The Philippines’ fast-food chain Jollibee Foods Corporation has a growing regional footprint, backed up by inclusive supply chain innovations. Indonesia’s Indofood company now has a significant presence in West Africa selling instant noodles. At the same time, Chinese and Thai companies, including the CP group, are starting to invest in the Australian and New Zealand dairy and sugar sectors.

India also has a vibrant agritech start up sector with a huge diversity of digital-enabled solutions, attracting nearly $300 million in venture capital investment in 2016 alone. These range from a start-up company that leases tractors and farm equipment (Uber-style) to thousands of villagers, to digital knowledge hubs for farmers who use apps to monitor plant and soil health. With India expected to become the second largest market for precision agriculture after the US, we can expect explosive growth in innovation in the Indian agritech sector.

It is probably a safe bet to predict that the next generation of global agrifood companies will be Asian.

Implications of Asian innovation for Australia

So what impact will Asia’s development into an economic centre of knowledge-based innovation have on Australia? It is easy to comprehend that the rise of Asia means increased spending power in the region, new markets for Australian agriculture and food commodities, new waves of direct foreign investment and maybe even new revenue sources for cash-strapped Australian R&D organisations.

What is much more difficult to grasp is the idea that increasingly, Australia’s ability to innovate will be a function of the ability of Asian countries to innovate and the degree to which Australia is linked to the innovation processes in those countries.

To understand this synergy, it helps to remember a few things about innovation. Firstly, innovation ideally involves both business and R&D, with policy oiling the wheels through incentives and keeping everything on track with regulation. Secondly, innovation is a team sport. In the Asian century this means collaboration between Australian and Asian businesses and public R&D organisations.

So Australia’s ability to innovate is not just contained within its national borders, but is fueled by participation in other geographic centres where there is dynamic innovation activity. Historically, this meant Europe and North America, but in the future this means Asia.

Lastly, innovation comes in different national styles suited to the nature of the market, history and politics of a particular country. For example, India’s pioneering work on frugal innovation for low-income markets or Japan’s long-term innovation collaboration between the public and private sectors. Understanding how to innovate in a particular national setting is critical to the success of businesses in these markets.

Taken together, given the linkage of Australia’s value chains and business into Asia, if we are to take advantage of global and regional market opportunities ahead, our businesses and R&D organisations need to be deeply connected to Asia’s emerging capacity for innovation.

Opportunities to co-develop innovation capacity with Asian countries

Australia is already repositioning in response to the evolving innovation landscape of Asia. Recently announced was the $3.2 million Regional Collaborations Programme as part of Australia’s National Innovation and Science Agenda. It is an important signal, acknowledging that regional innovation collaboration needs to be an integral part of national efforts to enhance and accelerate our own innovation performance.

After making the case that the Asian century is centred around the rise in Asia’s innovation prowess, it seems paradoxical to suggest that Australia’s entry point should be to assist with capacity-building efforts. The reality is that in countries like Indonesia and Vietnam, while innovation is a priority for public sector investment, this has not yet necessarily gelled as stronger capacity for innovation. This is despite many of the building blocks being put in place, including conspicuous investments in research and policy reforms to encourage direct foreign investment, and support schemes to encourage local entrepreneurship.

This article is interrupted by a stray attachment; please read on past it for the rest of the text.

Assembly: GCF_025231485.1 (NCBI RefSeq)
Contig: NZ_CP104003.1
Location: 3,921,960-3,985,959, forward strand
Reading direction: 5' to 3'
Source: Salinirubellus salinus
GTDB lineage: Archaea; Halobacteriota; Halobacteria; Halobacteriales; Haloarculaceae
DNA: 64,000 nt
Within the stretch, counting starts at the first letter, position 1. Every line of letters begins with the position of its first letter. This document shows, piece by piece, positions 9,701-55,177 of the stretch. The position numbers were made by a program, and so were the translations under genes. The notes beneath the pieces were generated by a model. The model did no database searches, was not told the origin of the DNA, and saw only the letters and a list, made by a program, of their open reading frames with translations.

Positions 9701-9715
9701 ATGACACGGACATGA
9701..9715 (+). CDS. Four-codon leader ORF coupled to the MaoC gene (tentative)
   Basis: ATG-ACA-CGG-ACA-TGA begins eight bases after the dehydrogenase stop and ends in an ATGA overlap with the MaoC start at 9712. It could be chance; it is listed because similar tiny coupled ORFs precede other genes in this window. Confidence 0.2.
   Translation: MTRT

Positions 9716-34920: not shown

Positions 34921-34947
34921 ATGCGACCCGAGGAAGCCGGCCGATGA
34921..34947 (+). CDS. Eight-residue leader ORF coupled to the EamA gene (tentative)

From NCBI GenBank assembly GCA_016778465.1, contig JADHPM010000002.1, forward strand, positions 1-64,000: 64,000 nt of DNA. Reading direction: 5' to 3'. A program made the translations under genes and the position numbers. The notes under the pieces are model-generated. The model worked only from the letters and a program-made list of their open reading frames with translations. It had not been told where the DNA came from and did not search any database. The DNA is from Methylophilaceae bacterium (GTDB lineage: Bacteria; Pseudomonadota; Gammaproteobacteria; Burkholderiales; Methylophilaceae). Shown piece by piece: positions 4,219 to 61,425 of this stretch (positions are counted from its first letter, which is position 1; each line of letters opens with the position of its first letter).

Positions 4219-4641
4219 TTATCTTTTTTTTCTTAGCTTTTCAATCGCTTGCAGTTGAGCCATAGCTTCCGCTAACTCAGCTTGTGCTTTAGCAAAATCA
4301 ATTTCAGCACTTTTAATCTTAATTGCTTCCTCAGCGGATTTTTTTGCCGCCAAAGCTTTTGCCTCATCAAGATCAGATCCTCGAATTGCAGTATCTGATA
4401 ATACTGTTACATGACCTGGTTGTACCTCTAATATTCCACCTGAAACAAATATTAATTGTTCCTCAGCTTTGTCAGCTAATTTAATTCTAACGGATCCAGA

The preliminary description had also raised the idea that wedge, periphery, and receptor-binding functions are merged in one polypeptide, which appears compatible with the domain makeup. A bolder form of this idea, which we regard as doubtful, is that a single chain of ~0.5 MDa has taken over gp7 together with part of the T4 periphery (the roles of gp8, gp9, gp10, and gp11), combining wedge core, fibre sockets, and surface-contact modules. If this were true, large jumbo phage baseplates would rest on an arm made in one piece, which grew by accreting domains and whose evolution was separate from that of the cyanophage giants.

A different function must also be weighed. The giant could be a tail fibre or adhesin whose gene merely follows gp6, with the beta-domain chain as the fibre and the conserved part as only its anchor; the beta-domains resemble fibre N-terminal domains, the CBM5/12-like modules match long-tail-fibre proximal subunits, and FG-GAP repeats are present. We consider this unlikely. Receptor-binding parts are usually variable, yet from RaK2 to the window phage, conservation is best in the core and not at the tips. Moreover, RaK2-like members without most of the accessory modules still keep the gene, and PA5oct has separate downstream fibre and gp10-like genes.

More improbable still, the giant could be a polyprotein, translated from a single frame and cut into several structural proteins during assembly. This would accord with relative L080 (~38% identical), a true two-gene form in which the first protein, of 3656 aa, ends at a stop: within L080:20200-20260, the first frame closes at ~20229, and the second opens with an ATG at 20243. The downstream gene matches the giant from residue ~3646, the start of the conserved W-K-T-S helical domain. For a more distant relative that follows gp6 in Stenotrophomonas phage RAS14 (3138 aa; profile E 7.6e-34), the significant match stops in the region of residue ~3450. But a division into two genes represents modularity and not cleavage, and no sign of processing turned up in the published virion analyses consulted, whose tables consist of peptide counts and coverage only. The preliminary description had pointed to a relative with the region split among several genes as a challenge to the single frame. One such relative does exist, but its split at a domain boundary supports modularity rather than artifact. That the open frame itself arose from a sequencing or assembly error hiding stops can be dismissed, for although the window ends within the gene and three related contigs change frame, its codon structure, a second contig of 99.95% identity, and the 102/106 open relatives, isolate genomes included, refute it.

Among the many things holding back innovation capacity in emerging Asian economies is a history of poor relationships between public research agencies and the private sector, and limited R&D and innovation capacity in companies, particularly small and medium-sized enterprises. Then there are the challenges of supporting innovation in the agriculture sector, where the majority of producers operate at a small-scale. Limited uptake of new technologies by the poorest farmers has frustrated public agencies and private agribusiness suppliers for decades. Add to this, a challenging development agenda in many countries in the region, where the skewed distribution of the benefits from growth, and looming environmental challenges – in some cases exacerbated by poor governance – could derail the whole Asian Century dream.

What collaboration might look like?

What is interesting about these emerging Asian economies is how much is already being done. Recent scoping work by CSIRO in Vietnam suggests there is already significant investment in international research collaboration, trade and business collaboration and in incubators and start-ups. The challenge is how to knit these various pieces together into a joined up capacity for innovation.

The missing pieces include:

  • the capacity of researchers and companies to collaborate around the development, market testing and commercialisation of technologies
  • the ability of the private sector to access technology and expertise locally and internationally
  • commodity or industry growth plans that support technological change and collaboration arrangements.

To address these issues, the Australian and Vietnamese governments are working on a collaboration that will establish and test novel innovation support arrangements. These will focus on capacity development for the commercialisation of technologies, and also analysis of policy gaps and bottlenecks. The approach could inform policy about how to best support innovation.